“We took a snapshot of our pumps before and after optimization at the same facility for the same time period, and we saw 60 to 70% fewer pump starts,” Hollified said. “We haven’t calculated the savings yet, but we know that four years ago, we had a lot more motor failures than we have now.”
The operations optimization system has enabled JEA to accurately forecast next-day demand on a regular basis. Fewer operators are required in the field, but there is a need to have good technical people on hand to ensure the instrumentation functions properly. JEA has combined the role of electrical technicians and electronics technicians into a single job requiring a journeyman electrician’s license.
The introduction of new technology into the water utility environment tends to follow a well-worn path that begins with skepticism and ends with bottom-line improvement. It is the obstacles encountered in the interim that make the process difficult. The paradigm shift in operating strategy created some challenges.
“For years, operators had been reactive to consumption,” Kelly said. “This is a totally different way of thinking now, and you have to build trust in this technology.”
With a no-layoff policy in place, however, resistance waned over time. Operators worked closely with Gensym and EMA staff to incorporate their knowledge of system operations into the end product.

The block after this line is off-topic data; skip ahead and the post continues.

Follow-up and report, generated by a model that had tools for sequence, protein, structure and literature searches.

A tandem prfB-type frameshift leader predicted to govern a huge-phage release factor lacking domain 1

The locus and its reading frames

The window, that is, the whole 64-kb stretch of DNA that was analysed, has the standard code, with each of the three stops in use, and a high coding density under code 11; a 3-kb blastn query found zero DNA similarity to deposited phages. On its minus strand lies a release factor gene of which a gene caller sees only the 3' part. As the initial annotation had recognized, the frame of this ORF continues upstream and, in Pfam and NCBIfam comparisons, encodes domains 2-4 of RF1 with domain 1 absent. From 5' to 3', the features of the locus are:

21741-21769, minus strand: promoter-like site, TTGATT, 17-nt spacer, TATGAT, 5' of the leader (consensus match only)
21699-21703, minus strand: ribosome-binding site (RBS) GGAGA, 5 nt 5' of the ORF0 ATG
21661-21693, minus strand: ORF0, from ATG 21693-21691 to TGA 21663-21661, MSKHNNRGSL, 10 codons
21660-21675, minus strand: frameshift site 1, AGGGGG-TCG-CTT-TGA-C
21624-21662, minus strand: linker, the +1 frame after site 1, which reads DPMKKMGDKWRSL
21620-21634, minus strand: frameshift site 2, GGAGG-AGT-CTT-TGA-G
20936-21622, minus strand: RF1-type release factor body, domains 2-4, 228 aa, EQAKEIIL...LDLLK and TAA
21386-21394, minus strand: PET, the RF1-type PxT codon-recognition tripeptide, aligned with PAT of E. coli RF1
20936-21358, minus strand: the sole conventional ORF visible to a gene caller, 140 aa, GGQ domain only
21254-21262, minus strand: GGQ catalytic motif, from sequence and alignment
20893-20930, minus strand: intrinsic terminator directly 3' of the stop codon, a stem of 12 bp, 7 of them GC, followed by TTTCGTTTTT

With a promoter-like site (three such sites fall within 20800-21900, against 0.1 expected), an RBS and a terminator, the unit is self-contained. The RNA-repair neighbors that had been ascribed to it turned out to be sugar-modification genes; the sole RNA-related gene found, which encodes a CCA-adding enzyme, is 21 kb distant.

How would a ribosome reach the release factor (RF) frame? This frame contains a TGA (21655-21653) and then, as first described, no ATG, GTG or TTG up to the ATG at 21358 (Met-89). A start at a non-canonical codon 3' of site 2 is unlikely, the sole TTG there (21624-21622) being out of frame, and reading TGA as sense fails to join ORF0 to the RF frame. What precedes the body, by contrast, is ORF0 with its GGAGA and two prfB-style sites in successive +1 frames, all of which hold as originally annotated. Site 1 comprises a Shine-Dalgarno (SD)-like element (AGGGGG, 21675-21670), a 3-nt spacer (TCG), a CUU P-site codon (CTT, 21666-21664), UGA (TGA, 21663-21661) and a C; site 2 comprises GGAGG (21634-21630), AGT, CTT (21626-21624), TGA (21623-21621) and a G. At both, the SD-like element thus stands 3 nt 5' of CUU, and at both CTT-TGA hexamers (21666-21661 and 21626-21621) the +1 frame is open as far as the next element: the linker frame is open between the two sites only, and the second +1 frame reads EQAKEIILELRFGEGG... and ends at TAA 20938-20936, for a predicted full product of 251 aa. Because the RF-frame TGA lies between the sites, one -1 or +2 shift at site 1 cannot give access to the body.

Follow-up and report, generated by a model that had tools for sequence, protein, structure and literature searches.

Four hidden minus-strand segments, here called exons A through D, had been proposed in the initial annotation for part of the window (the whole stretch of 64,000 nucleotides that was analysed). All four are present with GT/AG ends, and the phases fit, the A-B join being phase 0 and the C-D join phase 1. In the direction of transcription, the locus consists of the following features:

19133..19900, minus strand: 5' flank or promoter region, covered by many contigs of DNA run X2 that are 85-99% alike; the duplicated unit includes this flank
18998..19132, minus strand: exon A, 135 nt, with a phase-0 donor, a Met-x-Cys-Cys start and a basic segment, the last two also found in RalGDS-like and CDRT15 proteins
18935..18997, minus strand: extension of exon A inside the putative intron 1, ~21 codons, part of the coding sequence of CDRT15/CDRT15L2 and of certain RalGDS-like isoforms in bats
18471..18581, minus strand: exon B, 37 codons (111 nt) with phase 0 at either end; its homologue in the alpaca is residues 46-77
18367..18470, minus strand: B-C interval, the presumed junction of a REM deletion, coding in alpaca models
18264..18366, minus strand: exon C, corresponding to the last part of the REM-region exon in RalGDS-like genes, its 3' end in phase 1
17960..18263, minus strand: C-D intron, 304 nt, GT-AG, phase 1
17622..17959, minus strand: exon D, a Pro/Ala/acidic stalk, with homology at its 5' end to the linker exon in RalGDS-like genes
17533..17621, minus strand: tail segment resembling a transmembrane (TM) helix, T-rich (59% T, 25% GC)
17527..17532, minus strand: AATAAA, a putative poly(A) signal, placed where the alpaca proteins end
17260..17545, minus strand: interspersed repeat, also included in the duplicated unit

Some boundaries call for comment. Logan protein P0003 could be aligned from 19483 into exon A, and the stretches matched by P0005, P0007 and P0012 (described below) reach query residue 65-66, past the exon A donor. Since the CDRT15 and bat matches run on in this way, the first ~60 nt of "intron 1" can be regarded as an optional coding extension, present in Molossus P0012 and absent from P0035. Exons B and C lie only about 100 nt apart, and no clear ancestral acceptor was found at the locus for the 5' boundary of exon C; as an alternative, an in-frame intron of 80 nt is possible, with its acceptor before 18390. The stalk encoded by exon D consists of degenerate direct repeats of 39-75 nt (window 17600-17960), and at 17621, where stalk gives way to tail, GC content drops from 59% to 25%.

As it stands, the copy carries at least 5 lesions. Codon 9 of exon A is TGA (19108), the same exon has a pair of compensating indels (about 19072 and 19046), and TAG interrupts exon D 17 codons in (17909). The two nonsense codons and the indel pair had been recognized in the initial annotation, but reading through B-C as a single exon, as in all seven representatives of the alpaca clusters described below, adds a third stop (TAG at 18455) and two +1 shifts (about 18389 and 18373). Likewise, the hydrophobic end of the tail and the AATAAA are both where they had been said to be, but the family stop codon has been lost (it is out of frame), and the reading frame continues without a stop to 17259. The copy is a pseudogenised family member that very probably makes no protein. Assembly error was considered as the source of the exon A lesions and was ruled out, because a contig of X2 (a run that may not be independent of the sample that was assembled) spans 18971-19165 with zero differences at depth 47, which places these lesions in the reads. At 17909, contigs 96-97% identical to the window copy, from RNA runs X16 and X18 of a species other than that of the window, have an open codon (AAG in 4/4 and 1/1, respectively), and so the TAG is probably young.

“The level of skill and knowledge that is operating now is head and shoulders above what it used to be,” Hollifield said. “Some people were no longer qualified to operate and had to be reassigned. Others have achieved higher levels of certification.”
Embracing new technology
The water industry has not always been quick to embrace new technology, but success stories like this are quickly changing the way utilities explore the possibilities.
Kelly believes operations optimization represents a potential industry-wide solution to the staffing shortages every utility is facing. “I see it as a window of opportunity,” he said, “to apply technologies that will be less labor-intensive but require higher skill sets. The majority of our staff embraces these technologies when we provide them with the proper tools and training.”
Hollifield still encounters skeptics. “We’ll show our results with graphs and operating data, but often we encounter those who are reluctant to embrace new technology,” Hollifield said. “When you go to conferences, people talk about what they’re going to do and how it’s going to work. We don’t do that. We say, ‘This is what we have done and these are the results.’”
Fortunately, JEA’s results speak for themselves. The tools have been built, the operational changes implemented, and the process of expanding optimization technology to the rest of the utility’s infrastructure is well under way.
“This is a valuable enabling technology that aligns with one of the utility’s strategic initiatives—operational excellence,” Eaton said. “You know, water supply is a resource we need to think about, all of us. I think it’s very important to not take it for granted. The technology is available. We need to use it.”